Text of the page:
|▲ Photo courtesy Brenda Paik Sunoo and Seoul Selection
Brenda Paik Sunoo, a third-generation Korean-American from Los Angeles, has always attempted to live a life of purpose.
Journalist, writer, and photojournalist, Paik Sunoo has made a career of words and images. Though she is the author of three books and numerous articles, it is the publication of her most recent work that has brought about her return to Jeju Island.
“Moon Tides: Jeju Island Grannies of the Sea” is a photo-and-text tribute to Jeju’s diving women, the “jamsu,” more recently known as “haenyeo.” The book reflects Paik Sunoo’s message – of her life and to the world – which she learned in part from these courageous and highly skilled women: to live and to age with purpose.
Paik Sunoo’s life has not been without its challenges. In 1994, she lost her 16-year-old son to sudden cardiac failure. As a result she experienced a profound emotional shock precipitating a lengthy grieving process. In her mourning and recovery, she became a grief counselor for other bereaved parents, founded Compassion at Work (www.compassionatwork.com), and wrote her first book, “Seaweed and Shamans: Inheriting the Gifts of Grief.”
From 2002 to 2008, Paik Sunoo and her husband Jan lived in Vietnam. Based on that experience and her love of her “adopted homeland,” she published her second book, the photo-essay “Vietnam Moment.”
For “Moon Tides,” she lived with and researched Jeju’s diving women for a total of seven months between the years of 2007 and 2009.
“It was an organic process,” she says of her research, “as I began without a clear direction specifically so that I might allow the book to evolve.”
She tells one story of a chance meeting with one diving woman, Woo Sun-deok, who almost immediately began referring to Paik Sunoo as “my twin sister in another life.”
This diving woman invited her to join the family “chesa” or ancestral rite, an unusual gesture toward a stranger, and in a deeply emotional experience the two discovered that each had lost a son.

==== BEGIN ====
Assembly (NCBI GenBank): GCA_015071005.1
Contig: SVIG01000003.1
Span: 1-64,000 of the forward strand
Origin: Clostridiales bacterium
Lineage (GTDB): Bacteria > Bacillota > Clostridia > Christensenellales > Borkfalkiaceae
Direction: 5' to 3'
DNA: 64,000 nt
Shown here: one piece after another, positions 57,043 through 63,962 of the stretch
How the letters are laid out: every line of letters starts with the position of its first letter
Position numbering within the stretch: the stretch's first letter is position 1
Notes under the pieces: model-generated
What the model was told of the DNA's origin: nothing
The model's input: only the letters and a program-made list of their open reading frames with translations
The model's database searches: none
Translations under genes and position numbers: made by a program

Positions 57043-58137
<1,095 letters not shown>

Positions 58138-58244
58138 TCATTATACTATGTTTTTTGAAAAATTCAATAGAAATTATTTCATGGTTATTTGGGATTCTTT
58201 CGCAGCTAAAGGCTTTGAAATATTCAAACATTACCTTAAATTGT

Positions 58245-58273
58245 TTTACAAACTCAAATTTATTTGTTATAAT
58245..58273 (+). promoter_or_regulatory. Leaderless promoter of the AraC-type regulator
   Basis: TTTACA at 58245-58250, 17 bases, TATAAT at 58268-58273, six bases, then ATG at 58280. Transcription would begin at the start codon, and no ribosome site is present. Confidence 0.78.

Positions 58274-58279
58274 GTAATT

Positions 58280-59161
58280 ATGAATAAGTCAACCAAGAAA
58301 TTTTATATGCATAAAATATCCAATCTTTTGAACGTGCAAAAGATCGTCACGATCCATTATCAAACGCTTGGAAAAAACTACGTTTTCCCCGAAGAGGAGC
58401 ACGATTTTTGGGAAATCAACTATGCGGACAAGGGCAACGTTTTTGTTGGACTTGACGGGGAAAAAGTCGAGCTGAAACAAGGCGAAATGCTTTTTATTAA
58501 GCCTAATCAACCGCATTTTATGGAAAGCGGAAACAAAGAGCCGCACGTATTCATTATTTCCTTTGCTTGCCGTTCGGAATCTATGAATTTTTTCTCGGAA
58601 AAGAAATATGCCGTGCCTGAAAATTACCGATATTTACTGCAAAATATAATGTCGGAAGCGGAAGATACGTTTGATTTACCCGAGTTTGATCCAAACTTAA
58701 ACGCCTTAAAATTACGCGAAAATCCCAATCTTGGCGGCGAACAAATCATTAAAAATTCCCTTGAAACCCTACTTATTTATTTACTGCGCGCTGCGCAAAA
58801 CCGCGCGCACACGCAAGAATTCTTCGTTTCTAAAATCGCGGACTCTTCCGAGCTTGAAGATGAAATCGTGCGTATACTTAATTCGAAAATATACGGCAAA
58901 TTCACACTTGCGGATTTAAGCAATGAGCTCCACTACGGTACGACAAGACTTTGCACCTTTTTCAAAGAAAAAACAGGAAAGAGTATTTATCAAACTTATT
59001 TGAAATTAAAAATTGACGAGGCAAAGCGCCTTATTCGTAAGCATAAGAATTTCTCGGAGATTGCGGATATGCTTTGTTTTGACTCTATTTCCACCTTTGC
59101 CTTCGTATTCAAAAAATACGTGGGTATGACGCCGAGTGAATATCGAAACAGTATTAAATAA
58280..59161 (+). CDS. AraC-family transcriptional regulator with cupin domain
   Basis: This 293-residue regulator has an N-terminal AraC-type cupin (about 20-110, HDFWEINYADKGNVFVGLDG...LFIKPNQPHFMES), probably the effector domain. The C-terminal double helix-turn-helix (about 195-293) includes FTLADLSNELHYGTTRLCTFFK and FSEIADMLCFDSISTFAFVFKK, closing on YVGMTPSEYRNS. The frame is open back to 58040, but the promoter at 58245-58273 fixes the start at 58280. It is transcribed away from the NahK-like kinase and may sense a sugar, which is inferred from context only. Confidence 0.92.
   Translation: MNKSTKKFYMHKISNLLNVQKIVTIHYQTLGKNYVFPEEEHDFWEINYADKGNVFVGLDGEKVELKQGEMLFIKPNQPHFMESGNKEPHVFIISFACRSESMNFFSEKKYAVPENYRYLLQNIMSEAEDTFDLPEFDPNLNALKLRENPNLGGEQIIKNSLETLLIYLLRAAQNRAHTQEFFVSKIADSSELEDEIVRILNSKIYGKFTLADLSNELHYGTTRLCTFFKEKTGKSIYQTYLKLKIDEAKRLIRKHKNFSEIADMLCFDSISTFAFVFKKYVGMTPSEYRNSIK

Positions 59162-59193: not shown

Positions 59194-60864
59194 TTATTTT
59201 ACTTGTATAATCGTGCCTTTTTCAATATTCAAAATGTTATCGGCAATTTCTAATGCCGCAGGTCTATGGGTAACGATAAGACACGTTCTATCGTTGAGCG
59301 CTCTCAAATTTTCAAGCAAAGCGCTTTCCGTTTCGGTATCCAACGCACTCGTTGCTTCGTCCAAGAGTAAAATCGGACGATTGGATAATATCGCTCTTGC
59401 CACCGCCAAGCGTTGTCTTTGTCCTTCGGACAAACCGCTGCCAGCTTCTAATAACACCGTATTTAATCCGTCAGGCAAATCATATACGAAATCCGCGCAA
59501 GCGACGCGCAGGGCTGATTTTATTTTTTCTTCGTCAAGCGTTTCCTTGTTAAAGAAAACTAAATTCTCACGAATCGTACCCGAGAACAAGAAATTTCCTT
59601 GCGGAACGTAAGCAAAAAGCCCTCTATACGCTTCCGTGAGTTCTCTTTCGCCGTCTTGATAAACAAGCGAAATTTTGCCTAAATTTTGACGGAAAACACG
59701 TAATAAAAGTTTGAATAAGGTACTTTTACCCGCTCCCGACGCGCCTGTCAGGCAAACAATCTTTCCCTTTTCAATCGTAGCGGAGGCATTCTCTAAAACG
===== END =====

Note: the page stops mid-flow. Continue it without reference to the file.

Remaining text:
Paik Sunoo recalls many such synchronous and touching moments.
Citing the 75 million “Baby Boomers” in her home country who are now in their 50s and 60s, she emphasizes the primary lesson she gained in her study of the diving women.
“We [in the U.S.] aren’t quite certain how to age well,” she relays. “Should we take up golf? Travel? But the haenyeo demonstrate how to age with dignity and purpose,” she continues, “by keeping the mind active, and by contributing to community – especially to those who are vulnerable.”
She describes this experience as significant to her own understanding of living a purposeful life.
“The theme of this book is that regardless of age, you can live your life with purpose, as an infinite and continuous journey,” she describes.
She also speaks of “destiny” and “fate” as she talks about the “seeds planted long ago:” her grandmother who lived with her and taught her about Korean culture, her first visit to Jeju in 1989 when she became aware of the diving women, her background in feminism and human rights activism and many chance encounters along the way.
“This book has emerged following a long process,” she recalls. “Now, it’s time to give it life, and to introduce the ‘haenyeo story’ to the world.”
Paik Sunoo acknowledges that there is already a wealth of material on the diving women, though not a great amount written in English.
“When I began my research, I noted a number of academic papers as well as pieces written by travel writers,” she recounts. “But I wanted to create something that represented the Jeju life more completely.”
Three photos from her book, one of which won top honors for “Community Choice,” were selected for the International Museum of Women.
She is visiting Jeju for two weeks “in order to thank so many people who were instrumental in this project” as well as to hold a press conference. Following this visit, she will have additional press conferences in Seoul, New York, San Francisco, Los Angeles, and other cities still to be determined.
Brenda Paik Sunoo embodies the purposeful life that she found in the diving women.
“I couldn’t have written this until I reached ‘hangap’ [60, considered significant in Korean culture],” says this vibrant 63-year-old. “Only now am I the diving women’s peer and have the confidence for such a project.”
Following her career as a journalist, author, and photojournalist, as well as grief counselor and management consultant and a personal life of human rights activism, she continues to seek new ways of “meaning-making” in her own life.
“I have many ideas in mind for what’s next,” she laughs, “but in America, we believe that it’s bad luck to talk about ideas too early.”
Without any doubt, when she decides on her next project, she will enter the process with dedication and enthusiasm.